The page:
So, I’ve just published my first work of romantic fiction, Incendium. A short time ago, this was something I never would’ve thought I’d be saying. I even would have been insulted if you’d told me this was soon going to be the case.
I used to be disdainful of Romance novels. If you’re a long-time Romance reader, then you’re probably familiar with all the prejudices I used to hold―their covers are absurd and corny, their characters have the depth of an inflatable pool, their plots the complexity of a porno. I was unfamiliar with the spectrum of Romances. In fact, I had never even picked one up. In my mind, they were full of nothing but cliches, over-sentimentality, and ridiculously contrived endings. I had not yet learned to appreciate melodrama when it was done right.
One of the most important things I did as a writer was to join a writing group. This gave me encouragement and support when I needed it, ideas when I was stumped, and kept me from putting some really dumb things on paper. Most importantly, it provided me with deadlines―ones I was actually motivated to meet.
My focus had been exclusively on Fantasy fiction, but my group was composed of a variety of genre writers. Half of them were (and still are) Romance authors. I went in with what I thought was an open mind, but I was not prepared for how much I loved their material. I had no idea of the variety of Romance fiction. I found myself reading a gay Young Adult bildungsroman, an action-packed crime thriller, and an erotic paranormal mystery. All the non-Romance genres I loved had a place as sub-genres in Romance.
But these stories were more than just their sub-genre, they were Romance novels, and I was just beginning to understand what that meant.
If you’re wondering what these books were that won me over, you should check out Alyssa Cole’s Eagle’s Heart, coming soon from Loose Id, and Katana Collins’s Soul Stripper from Kensington (also her second book in that series, Soul Survivor, which gets even better).
I was hooked by my group’s writing. I couldn’t wait to get the next installments, demanding that my fellow writers hurry up and write faster. Soon, my group began suggesting other Romances for me, and pretty soon, I was converted. Admittedly, I do prefer the genre Romances over the standard ones, but that’s also the case with my non-Romance reading tendencies.
One day, my friend Katana recommended that I try writing a Romance myself. At first, I was like, “What! Me write a Romance? But I have a penis! No way.” She showed me an anthology call from Storm Moon Press, asking for submissions of gay romance stories where one of the two lovers was a dragon in some form. The more she and the rest of my group nagged―ahem, I mean encouraged―me, the more the seed took root.
I started off thinking, “This’ll be easy. I’ll just write a story like I normally would, but with more sex in it.”
Everything from making the sex scenes arousing, to producing engaging emotional description, to writing believable and entertaining dialogue took work to get down. I learned a lot more about Romances trying to write one than I did from reading them.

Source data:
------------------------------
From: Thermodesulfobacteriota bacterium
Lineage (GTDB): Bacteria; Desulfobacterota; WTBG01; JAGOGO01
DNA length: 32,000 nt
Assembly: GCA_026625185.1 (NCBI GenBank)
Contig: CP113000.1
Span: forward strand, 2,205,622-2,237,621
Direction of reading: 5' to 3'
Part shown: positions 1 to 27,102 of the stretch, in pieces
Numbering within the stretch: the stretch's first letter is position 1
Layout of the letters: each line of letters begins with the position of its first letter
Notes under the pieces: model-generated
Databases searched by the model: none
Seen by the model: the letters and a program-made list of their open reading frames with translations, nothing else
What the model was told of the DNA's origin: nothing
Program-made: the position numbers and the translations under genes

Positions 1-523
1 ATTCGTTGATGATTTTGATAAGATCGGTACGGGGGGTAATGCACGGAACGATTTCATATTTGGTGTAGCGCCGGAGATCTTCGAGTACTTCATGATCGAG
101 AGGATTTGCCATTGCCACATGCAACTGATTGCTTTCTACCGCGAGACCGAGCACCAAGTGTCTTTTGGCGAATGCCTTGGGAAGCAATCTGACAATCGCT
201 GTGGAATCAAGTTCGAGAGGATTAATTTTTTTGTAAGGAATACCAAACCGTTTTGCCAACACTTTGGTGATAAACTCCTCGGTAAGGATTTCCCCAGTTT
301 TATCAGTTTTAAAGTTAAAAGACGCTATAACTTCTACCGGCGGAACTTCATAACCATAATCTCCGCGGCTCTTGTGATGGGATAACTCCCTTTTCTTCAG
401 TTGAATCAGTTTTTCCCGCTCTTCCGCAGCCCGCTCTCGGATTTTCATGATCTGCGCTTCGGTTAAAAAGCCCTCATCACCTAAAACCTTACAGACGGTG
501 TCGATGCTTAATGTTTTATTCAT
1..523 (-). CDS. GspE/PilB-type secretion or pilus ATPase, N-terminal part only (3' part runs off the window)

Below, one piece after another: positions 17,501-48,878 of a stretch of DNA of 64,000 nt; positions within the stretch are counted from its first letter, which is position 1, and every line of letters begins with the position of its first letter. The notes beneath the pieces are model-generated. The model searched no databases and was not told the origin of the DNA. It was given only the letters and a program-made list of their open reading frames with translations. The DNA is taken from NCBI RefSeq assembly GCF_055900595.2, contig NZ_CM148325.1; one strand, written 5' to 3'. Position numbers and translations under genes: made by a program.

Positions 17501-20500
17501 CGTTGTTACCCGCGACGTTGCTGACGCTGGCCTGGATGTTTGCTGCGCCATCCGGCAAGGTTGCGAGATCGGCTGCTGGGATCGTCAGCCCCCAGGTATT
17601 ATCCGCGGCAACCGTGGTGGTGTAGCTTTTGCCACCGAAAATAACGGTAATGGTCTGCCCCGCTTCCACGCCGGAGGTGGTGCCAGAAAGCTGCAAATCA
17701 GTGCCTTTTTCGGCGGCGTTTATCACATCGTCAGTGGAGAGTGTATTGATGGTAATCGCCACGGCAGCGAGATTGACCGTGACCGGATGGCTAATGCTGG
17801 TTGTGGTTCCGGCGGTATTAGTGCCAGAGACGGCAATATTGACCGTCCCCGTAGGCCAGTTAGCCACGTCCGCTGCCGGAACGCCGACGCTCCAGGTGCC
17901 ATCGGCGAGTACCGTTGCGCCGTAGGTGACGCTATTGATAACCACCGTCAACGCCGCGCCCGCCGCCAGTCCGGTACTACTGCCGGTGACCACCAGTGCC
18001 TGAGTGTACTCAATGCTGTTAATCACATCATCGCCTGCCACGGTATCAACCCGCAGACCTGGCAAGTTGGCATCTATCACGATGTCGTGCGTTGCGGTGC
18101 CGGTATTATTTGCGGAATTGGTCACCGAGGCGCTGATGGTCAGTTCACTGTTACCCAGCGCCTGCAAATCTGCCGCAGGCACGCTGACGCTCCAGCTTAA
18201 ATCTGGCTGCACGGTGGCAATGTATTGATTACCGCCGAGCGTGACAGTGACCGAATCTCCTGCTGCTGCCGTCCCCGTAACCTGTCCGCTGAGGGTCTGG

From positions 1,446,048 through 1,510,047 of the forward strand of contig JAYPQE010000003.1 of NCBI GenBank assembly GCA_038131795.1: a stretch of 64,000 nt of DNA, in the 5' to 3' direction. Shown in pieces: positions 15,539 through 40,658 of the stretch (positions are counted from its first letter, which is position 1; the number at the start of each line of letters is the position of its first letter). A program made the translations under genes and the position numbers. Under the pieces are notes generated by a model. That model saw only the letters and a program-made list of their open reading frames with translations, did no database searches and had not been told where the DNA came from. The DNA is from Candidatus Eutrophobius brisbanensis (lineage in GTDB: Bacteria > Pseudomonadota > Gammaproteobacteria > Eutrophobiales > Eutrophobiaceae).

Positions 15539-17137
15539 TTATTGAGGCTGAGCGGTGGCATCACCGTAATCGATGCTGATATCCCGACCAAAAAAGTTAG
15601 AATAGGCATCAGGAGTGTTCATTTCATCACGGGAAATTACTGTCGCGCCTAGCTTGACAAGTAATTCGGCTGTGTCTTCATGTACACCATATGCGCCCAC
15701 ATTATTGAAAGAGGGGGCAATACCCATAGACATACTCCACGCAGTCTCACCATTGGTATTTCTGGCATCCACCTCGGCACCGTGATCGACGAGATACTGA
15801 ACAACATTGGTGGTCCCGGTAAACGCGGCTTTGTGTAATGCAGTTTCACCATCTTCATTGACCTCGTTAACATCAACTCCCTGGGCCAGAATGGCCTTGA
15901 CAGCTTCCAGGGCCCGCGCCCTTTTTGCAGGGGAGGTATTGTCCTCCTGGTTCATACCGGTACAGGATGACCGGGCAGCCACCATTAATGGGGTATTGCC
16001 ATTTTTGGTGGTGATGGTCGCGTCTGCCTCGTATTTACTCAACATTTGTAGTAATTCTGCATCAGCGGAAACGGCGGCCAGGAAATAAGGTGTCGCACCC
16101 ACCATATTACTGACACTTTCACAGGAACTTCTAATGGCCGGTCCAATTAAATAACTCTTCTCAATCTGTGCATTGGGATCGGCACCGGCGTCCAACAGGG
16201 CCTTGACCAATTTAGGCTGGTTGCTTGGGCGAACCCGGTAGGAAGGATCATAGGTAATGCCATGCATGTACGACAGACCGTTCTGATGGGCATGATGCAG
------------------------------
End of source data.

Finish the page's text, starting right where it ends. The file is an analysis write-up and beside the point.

The most fundamental realization I had was that Romances give us the luxury of waxing grandiloquent about love and attraction. Love makes fools of us. When we’re in its grasp, we act like idiots, and we don’t care. We don’t care if we’re absurd, trite, or melodramatic―we embrace it. That’s the magic of being in love. Romance fiction allows us to revel in this fantastic aspect of our nature, of our humanity.
Yes, other love stories talk about how wonderful love is, but they do not approach it in the same extravagantly delicious way. This genre allows us to explore the things we all love about being in love to an unapologetic degree.
My novella, Incendium, had more of a bittersweet ending rather than a typical HEA. For this reason, it was not accepted for the Dracones anthology. Fortunately for me, Storm Moon liked the tale enough to sign it as a stand-alone work. It’s available right now, so please check it out! Dracones is also available from Store Moon and has a bunch of excellent stories as well.
Incendium is not the last romantic story I plan on writing. Now that I’ve drunk the Kool-Aid, I’ve got several other ideas that are clawing to get out. A couple years ago, I would have been horrified at that prospect. But now, I’ve become an appreciator instead of a criticizer. Warming up to Romance fiction gave me the best story that I’ve ever written, and there’s something to be be said for that.
Thanks for joining us on the Incendium blog tour! Be sure to take part in our giveaway! You have several options to be entered through our Rafflecopter, but you get the most entries by leaving a comment on this post! Today’s question is…
Have you ever been skeptical about a genre but been pleasantly surprised when you tried reading/writing it? If so, what genre?
Derek Bishop grew up in a small Virginia town along the Blue Ridge Mountains. He was raised on Southern Baptism and Star Trek. The Star Trek was the one that stuck. His parents were both teachers and imparted a love of literature and wilderness exploration on him. He went to school at the College of William and Mary in Williamsburg, Virginia where he learned the joys of studying feminist theory, dancing to techno music, and grocery shopping side by side with colonial costumed re-enactors. He left one class short of a Gender Studies major and several classes too far of an English major. His latest work, Incendium, is now available from Storm Moon Press.